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Another idea of health indice [Was: Re: State of the GNUnion 2020]

From: Alexandre François Garreau
Subject: Another idea of health indice [Was: Re: State of the GNUnion 2020]
Date: Fri, 21 Feb 2020 11:41:28 +0100

I’ve another idea of measurement:

What software is for?

Is software first of all for developers, or users?

For people who write it, or people who run it?

I mean, software is made to be used right? not only read (and actually, 
continuously changing software also is an issue for those who read, then 
you’d need to reread it several times to stay updated… what you’ve read 
would loose value as it was obsoleted, etc.)

I can see how we can say that “swift” is “more alive” than bash, but it is 
arguable to say something that constantly changes, at the point of being 
barely usable for anything else than a unimportant scripting language or 
even only a command-language (swift), is in better health, if bash’s 
stability allows to build ever growing stuff with it.

Aliveness doesn’t equate health.  A mix of meat and shit full of moisture, 
parasites and any insect is very alive, but it is not healthy.  Health 
require size, reliability, and hence stability.  You’re absolutely not 
considering that.

So software is not made to do releases or patches, it’s made to be used.  
According your definition guile scheme is more alive than emacs lisp, which 
is more than C, which is more than common lisp, which is even more alive 
than TeX, the then deadest of all languages…

Yet TeX is terrificly old, used in a lot of ways, keeps growing, and is the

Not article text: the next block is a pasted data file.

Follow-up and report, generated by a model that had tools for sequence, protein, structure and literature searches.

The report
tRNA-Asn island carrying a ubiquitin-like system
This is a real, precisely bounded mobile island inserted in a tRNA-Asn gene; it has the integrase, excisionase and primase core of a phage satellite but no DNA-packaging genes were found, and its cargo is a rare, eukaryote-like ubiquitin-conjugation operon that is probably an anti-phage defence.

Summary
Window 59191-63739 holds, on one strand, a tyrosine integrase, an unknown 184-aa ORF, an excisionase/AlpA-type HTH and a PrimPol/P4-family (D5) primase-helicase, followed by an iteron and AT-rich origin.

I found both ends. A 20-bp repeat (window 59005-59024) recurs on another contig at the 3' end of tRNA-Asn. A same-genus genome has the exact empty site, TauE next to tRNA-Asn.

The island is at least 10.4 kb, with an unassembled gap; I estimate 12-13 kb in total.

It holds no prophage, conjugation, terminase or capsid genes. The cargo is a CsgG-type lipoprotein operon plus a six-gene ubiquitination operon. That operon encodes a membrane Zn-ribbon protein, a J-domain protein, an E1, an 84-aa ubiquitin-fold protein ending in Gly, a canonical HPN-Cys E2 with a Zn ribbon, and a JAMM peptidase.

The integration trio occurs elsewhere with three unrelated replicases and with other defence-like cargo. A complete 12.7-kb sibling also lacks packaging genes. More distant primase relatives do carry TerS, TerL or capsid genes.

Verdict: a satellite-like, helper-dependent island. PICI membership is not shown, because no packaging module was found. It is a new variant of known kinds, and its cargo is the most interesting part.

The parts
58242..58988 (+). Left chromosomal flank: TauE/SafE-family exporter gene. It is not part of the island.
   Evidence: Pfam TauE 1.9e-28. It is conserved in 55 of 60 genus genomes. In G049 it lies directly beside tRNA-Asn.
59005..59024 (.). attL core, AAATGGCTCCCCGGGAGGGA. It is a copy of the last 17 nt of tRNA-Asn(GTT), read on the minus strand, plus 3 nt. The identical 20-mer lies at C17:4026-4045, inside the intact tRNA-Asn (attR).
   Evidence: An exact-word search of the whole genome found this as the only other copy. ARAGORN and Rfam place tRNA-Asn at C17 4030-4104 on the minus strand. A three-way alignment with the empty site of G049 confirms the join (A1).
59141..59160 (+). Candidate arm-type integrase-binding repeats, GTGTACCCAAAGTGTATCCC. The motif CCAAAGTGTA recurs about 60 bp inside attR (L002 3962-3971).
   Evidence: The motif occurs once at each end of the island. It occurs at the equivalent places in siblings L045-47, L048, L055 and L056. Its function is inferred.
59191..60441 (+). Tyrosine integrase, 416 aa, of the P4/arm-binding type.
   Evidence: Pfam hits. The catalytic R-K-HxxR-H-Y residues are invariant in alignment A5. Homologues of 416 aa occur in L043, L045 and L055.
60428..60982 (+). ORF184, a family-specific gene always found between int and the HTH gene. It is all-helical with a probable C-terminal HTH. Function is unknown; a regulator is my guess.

official presentation language of GNU software (via one of its dialect: 
texinfo).  And many believe its stability is a good things.  Bugs are not 
that much a problem as not only they were a few from the beginning, and 
the software was simple, but it wasn’t given unreasonable powers such as 
accessing the network or *modifying* files.

Even more so as it’s only a scripting language (purely interpreted), never 
a (be it natively or byte-code) compiled/VM one, so most of time we can 
read source.  And simple copyleft allows it to be easily free. And wheter 
to obfuscation… most of programs are written by mathematicians who have no 
idea of how to make it readable anyway x) and programs in TeX are 
notoriously hard to read (so it’s more a social deficiency becoming 
technical instead).

so instead… why not measure *actual usage*?

Yes this is hard, but can be done in some reasonable way: measuring 
packaging, and measuring dependencies. popcon also can be used.

We could count how many are packaged into debian, and ponder that by how 
many dependencies of them are.

We could also nuance that by the proportion of bugs.

Then even an old and untouched software (inetutils, coreutils, bash, etc.) 
could show pretty good health.  Not talking of TeX and its thousands, 
millions packages (who’d need to be counted separately), emacs lisp would 
humbly be less than common lisp, yet be seeable as pretty active, same for 
guile, etc.

Popcon would talk of it even more.

The ideal metric being going out and asking random people whether they 
used today some software, or any dependency of it (so barely asking what 
software did they use).  Debian doesn’t do a such metric, it would be 
pretty invading as is (maybe with some anonymification, decentralized 
adding up, etc.?).

This method also encompass the fact to give more importance to core 
infrastructure project such as glibc, gcc, etc. on which almost all free 
operating systems depends nowadays (even competitors such as llvm were 
bootstraped using these, so we could count bootstrapping as well).

The fact at some point LLVM hackers considered to merge with gcc (but rms 
wasn’t aware by then :/) also shows to be as a sign of health for the time 
it happened.

Forks are examples of usual increase of development, I guess they happen 
both after times where development increase (so disagreements, or at least 
difference of developing pace, become more likely), and before moments of 
enthusiasm leading to even more contributions… yet I don’t see them as 
healthy in any way because this increase of effort is actually an increase 
in duplicated effort.

Merge are pretty much the opposite (except for some enthusiasm as well: 
enthusiasm of change).

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